At about this time the Indians of Illinois and Northern Indiana, persuaded, like the rest of the savages under the influence of Tecumtha, after the fall of Mackinaw, Detroit, and Chicago, that the time was at hand when the white people might be driven beyond the Ohio River, every where showed signs of hostilities. These were so menacing that Ninian Edwards, the Governor of the Illinois Territory, called on the executive of Kentucky for aid. That aid was on its way in the person of Colonel Barbour and his command, when it was diverted to Vincennes, on account of the dangers impending over Fort Harrison. Edwards had sent out spies, and was persuaded that no time was to be lost in making preparations for offensive and defensive operations against the savages. He combined the scattered militia of his Territory, and caused several companies of Rangers to be encamped on the Mississippi, above St. Louis, and on the Illinois River. These served to keep the Indians in check for a time. Meanwhile Governor Shelby had made the stirring appeal [September 8, 1812.] to the Kentuckians already alluded to. 33 He told them of the "extensive combination of the savages, aided by the British from Canada," who were momentarily expected on the frontier settlements of Illinois and Indiana. Twenty-one persons, he said, had already been murdered not more than twenty miles north of the Ohio! "It is hoped," he remarked, "that it will rouse the spirit and indignation of the freemen of Kentucky, and induce a sufficient number of them to give their services to their country for a short period." He asked them to rendezvous at Louisville on the 18th of the month, with thirty days’ provisions. "Kentuckians," he said, "ever pre-eminent for their patriotism, bravery, and good conduct, will, I am persuaded, on this occasion, give to the world a new evidence of their love of country, and a determination, at every hazard, to rescue their fellow-men from the murders and devastations of a cruel and barbarous enemy." 34

This address, as we have seen, was responded to with wonderful alacrity. Hundreds more than were needed were at Louisville on the appointed day, and were turned back with feelings of the keenest disappointment. One old veteran, who had suffered from savage cruelty, and had fought the dusky foe in the early days of Kentucky settlement, although greatly chagrined when he found his company rejected, said, "Well, well, Kentucky has often glutted the market with hemp, flour, and tobacco, and now she has done so with volunteers." This was a truthful exposition, in few words, of the wealth and patriotism of Kentucky.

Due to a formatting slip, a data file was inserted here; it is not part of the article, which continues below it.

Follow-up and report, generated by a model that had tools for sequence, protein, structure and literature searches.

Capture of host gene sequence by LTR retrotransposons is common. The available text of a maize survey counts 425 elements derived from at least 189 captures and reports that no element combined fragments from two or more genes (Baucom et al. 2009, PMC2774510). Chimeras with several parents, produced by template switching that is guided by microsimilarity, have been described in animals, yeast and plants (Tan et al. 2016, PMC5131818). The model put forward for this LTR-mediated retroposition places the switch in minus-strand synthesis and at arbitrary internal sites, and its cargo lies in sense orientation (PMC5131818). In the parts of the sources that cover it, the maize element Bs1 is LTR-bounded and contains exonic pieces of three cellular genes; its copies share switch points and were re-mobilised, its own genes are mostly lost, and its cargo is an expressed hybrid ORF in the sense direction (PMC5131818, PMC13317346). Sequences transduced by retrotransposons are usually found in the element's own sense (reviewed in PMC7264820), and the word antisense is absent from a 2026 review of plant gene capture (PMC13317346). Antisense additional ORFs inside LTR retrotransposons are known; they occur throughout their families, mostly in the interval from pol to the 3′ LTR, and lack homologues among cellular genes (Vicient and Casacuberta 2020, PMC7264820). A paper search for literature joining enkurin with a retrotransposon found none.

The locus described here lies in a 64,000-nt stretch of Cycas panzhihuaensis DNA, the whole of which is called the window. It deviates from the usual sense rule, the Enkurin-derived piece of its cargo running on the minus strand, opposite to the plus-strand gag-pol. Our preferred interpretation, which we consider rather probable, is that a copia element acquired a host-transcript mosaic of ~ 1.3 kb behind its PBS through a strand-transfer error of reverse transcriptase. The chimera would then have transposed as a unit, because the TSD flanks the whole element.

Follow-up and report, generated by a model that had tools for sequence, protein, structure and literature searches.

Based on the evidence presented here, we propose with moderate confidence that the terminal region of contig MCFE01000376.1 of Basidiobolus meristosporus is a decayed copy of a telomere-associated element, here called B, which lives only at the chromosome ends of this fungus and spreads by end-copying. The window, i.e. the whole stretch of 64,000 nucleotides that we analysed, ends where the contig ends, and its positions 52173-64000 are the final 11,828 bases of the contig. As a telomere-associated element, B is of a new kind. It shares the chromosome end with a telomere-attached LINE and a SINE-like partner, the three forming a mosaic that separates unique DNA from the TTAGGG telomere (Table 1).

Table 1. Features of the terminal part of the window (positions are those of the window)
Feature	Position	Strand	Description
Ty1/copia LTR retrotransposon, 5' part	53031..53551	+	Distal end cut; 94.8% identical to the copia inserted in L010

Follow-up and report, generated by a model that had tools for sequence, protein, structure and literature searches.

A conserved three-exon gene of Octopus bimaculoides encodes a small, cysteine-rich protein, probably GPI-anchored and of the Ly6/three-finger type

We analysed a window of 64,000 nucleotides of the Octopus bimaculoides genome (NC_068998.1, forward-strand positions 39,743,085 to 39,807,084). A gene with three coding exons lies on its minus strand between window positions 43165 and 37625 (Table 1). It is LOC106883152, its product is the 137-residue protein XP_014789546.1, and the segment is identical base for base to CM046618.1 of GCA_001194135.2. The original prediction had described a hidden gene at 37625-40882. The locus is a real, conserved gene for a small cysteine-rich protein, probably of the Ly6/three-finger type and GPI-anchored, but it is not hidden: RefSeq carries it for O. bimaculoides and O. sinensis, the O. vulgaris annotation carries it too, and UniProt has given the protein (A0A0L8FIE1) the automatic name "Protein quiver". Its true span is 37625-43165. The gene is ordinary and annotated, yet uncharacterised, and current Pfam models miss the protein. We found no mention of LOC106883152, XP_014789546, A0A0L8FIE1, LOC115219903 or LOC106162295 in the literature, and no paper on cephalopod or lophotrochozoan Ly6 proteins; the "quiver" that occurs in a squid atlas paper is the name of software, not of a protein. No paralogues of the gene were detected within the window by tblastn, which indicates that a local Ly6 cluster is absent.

General Samuel Hopkins, under whom the Kentucky Volunteers were placed, made his head-quarters at Vincennes. The troops continued to arrive and were mustered into the service from the 21st of September until the 2d of October, when Hopkins, then convalescing after a severe attack of fever, found himself at the head of almost four thousand men, about two thousand of them expert riflemen, on horseback. His little army was speedily organized, 35 and on the 10th of September he started with the mounted riflemen for the Indian country by the way of Fort Harrison. The chief design of the expedition was to march an annihilating force upon the principal Kickapoo and Peoria Indian villages on the waters of the Illinois River, the former supposed to be about eighty miles distant, and the latter one hundred and twenty miles.

Hopkins and his two thousand horsemen crossed the Wabash on the afternoon of the 14th [October, 1812.], and made their first encampment that night three miles from Fort Harrison. Before them lay magnificent level prairies, covered with tall grass, both dry and green. The guides passed a satisfactory examination as to their knowledge of the route, and the plans of the general were unanimously approved by a council of officers. On resuming the second day’s march, every thing promised well excepting the lack of discipline and evident restlessness under restraint manifested by the troops. Indeed, so far as military discipline was concerned, they constituted little more than a vast mob, and it was soon found that every man was disposed to be a law unto himself. Every hour of the march revealed to the commanding general evidences of the fact that his army was as combustible as the dry grass around them. The symptoms of discontent, seen even at Vincennes, now assumed the positive forms of complaint and murmuring. The guides were suspected of ignorance or disloyalty; and food and forage, it was alleged, were becoming alarmingly scarce. Finally, while halting on the fourth day’s march, a major, whose name is withheld, rode up to the commanding general, and in an insolent manner peremptorily ordered him to march the troops back to Fort Harrison. Not long afterward a violent wind arose that blew directly toward them, and very soon it was discovered that the prairie was on fire at the windward. They saved themselves by burning the grass around their camp. It was believed that this was the work of the Indians, and it gave the finishing blow to the expedition. The troops would not march farther. Hopkins called a council of officers [October 20.], when it was decided by them to return, as their men were utterly unmanageable. The mortified commander then called for five hundred volunteers to follow him to the Illinois. Not one responded to his summons. His authority had vanished. They even refused to submit to his leadership on their return, and he followed his army back to Fort Harrison, where they arrived on the 25th. 36 Thus ended an apparently formidable and promising expedition. Yet it was not unfruitful of good. It alarmed the Indians, gave them a sense of the real power of the white people, and made them more cautious and circumspect. That imposing force had marched eighty or ninety miles in the Indian country without show of opposition any where.